Living an hour outside of London can cut your new house price by £500,000
According to a study published by Lloyd’s Bank, if you are willing to commute 60 minutes into London, you could cut your house price by as much as 60%, or £500,000, on average.
This report is part of an annual survey of property prices in towns along the commuter belt of major cities in the UK. This survey is used to highlight “the cost differential between living in one of these conurbations and living in one of their dormitory towns”.
The average home price within zones 1 and 2 of London is £808,434. In villages and towns about an hour away from London, such as Basingstoke, Crawley, Gravesend, Windsor and Northampton, that average price drops down to £325,091. This means a savings of £482,242. It is also “significantly lower” (£202,424 or 38%) than the average property price in zones 3 to 6.
Home in towns such as Billericay, Hatfield, Staines and Woking, which are a 40 minute commute from London, will cost buyers an average of £433,320. This is still a savings of 46%, or £375,114, compared to central London, and comes with a lower rail cost of £3,775 a year. Even a commute of just 20 minutes will save homebuyers about £300,000 (36%) when compared to prices in central London.
Even when you take commuting costs into account, the savings are immense. To put it into perspective, Lloyd’s has calculated that “the difference between house prices for commuters travelling approximately 60 minutes would pay for the current annual rail cost (£5,381) for 90 years”.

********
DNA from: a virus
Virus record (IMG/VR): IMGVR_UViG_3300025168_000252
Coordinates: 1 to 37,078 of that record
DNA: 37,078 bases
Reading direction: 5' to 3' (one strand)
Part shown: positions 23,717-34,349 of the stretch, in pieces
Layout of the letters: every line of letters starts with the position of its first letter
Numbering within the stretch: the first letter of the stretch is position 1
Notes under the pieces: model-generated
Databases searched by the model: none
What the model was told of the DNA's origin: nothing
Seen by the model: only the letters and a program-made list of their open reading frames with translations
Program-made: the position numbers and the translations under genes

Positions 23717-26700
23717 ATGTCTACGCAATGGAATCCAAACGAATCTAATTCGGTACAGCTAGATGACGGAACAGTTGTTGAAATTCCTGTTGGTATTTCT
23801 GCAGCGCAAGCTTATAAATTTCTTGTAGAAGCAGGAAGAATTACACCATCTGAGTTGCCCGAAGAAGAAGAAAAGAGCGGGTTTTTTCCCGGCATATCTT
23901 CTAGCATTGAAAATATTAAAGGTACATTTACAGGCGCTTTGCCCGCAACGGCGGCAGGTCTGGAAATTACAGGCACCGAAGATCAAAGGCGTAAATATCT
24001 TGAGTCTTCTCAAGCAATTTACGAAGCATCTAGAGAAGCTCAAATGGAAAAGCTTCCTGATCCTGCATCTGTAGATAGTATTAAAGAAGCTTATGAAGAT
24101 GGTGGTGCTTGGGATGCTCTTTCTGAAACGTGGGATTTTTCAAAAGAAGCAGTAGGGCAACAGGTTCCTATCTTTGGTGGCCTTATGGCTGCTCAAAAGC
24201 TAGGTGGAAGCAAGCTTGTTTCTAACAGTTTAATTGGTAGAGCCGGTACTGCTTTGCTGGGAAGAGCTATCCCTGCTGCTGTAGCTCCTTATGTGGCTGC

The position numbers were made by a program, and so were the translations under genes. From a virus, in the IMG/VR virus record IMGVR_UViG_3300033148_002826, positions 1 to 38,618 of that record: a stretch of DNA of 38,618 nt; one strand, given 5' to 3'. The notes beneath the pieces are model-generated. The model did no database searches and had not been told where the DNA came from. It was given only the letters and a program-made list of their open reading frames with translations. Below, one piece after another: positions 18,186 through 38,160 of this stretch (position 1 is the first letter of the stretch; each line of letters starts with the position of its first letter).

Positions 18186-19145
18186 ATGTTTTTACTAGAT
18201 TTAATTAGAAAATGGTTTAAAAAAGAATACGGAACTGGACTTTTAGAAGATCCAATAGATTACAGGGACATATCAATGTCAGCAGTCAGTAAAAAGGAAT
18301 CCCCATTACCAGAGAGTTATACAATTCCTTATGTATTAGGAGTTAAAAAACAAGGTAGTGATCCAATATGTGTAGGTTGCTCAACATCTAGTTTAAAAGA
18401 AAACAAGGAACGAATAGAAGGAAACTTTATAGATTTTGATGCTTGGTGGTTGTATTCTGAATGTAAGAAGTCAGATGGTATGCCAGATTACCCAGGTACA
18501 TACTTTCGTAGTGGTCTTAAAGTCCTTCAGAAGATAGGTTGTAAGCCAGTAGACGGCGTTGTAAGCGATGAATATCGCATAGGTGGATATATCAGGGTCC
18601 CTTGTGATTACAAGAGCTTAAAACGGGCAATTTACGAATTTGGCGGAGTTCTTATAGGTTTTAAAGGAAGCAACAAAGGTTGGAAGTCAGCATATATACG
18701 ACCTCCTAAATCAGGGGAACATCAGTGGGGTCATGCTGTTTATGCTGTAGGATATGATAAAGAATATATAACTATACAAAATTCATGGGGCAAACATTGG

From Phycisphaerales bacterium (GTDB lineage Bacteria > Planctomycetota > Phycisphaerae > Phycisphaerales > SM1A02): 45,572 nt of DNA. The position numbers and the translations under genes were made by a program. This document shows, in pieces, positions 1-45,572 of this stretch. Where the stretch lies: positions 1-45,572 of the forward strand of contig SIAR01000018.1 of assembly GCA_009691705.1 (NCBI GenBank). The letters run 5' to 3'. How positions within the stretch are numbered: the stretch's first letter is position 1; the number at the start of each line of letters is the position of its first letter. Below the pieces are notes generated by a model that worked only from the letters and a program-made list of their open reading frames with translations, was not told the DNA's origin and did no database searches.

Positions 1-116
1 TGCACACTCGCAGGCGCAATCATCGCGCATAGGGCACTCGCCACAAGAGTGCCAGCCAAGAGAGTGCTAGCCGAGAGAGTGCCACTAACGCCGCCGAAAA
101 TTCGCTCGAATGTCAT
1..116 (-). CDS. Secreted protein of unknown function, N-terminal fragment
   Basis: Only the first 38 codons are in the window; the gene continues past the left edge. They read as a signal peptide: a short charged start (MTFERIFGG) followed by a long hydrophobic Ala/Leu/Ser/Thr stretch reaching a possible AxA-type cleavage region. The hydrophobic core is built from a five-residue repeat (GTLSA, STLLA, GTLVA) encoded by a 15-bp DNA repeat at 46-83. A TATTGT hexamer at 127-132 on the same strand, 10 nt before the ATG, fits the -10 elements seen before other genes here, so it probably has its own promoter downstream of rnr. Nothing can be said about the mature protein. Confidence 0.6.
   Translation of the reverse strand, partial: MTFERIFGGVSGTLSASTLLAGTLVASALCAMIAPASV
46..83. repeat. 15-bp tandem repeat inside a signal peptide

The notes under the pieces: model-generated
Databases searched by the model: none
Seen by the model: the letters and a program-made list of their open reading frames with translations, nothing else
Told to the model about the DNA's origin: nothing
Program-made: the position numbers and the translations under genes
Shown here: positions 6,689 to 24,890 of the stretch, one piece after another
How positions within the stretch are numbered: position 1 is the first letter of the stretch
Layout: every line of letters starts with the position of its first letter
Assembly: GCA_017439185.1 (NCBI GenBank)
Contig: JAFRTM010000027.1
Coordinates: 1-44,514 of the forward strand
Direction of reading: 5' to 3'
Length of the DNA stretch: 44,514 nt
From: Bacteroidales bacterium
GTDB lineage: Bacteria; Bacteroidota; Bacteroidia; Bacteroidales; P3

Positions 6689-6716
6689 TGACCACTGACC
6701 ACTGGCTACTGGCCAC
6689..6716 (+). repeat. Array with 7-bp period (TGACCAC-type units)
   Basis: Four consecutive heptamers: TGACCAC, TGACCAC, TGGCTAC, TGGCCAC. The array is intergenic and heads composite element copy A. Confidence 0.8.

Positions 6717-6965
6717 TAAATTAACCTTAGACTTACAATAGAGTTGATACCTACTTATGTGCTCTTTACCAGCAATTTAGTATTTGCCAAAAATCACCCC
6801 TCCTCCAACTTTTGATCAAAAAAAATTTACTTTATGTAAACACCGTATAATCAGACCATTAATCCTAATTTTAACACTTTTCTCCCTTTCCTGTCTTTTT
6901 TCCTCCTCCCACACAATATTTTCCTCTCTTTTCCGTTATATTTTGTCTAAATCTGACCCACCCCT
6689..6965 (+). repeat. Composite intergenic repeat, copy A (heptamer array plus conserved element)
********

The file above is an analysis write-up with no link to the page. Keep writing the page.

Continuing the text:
However, it should be noted that some towns in the South were found to be more expensive for homebuyers than Central London. Beaconsfield, for instance, has an average price of £1,025,699, and Gerrards Cross has one of £917,585. Evaluated against London, living in Beaconsfield would lose you about £217,265.
Lloyd’s report listed the “most affordable commuter towns” outside London, with Wellingborough and Peterborough both costing homebuyers roughly £215,000. However, factoring in commuting costs and, it was Luton that was deemed to the most affordable, with an average house price of £261,725.
Speaking about the shocking differences in housing prices for Central London versus commuting towns, Andrew Mason, mortgages director at Lloyd’s Bank, has said: “Buying a home in Central London is out of reach for many where house prices are around 16 times the average UK wage. In almost all towns in this survey, housing affordability is significantly greater with a London salary compared to what can be earned locally and for commuters with up to an hour’s journey, the reward is an annual salary that is, on average, £8,600 (18%), higher than what they could earn in their local neighbourhood which is around £40,000”.
Of course Mason also takes into consideration how “family circumstances, schools, physical environment and value for money all come into the balance”. Ultimately, it is a “trade-off between financial cost and journey times”, as well as these other personal considerations.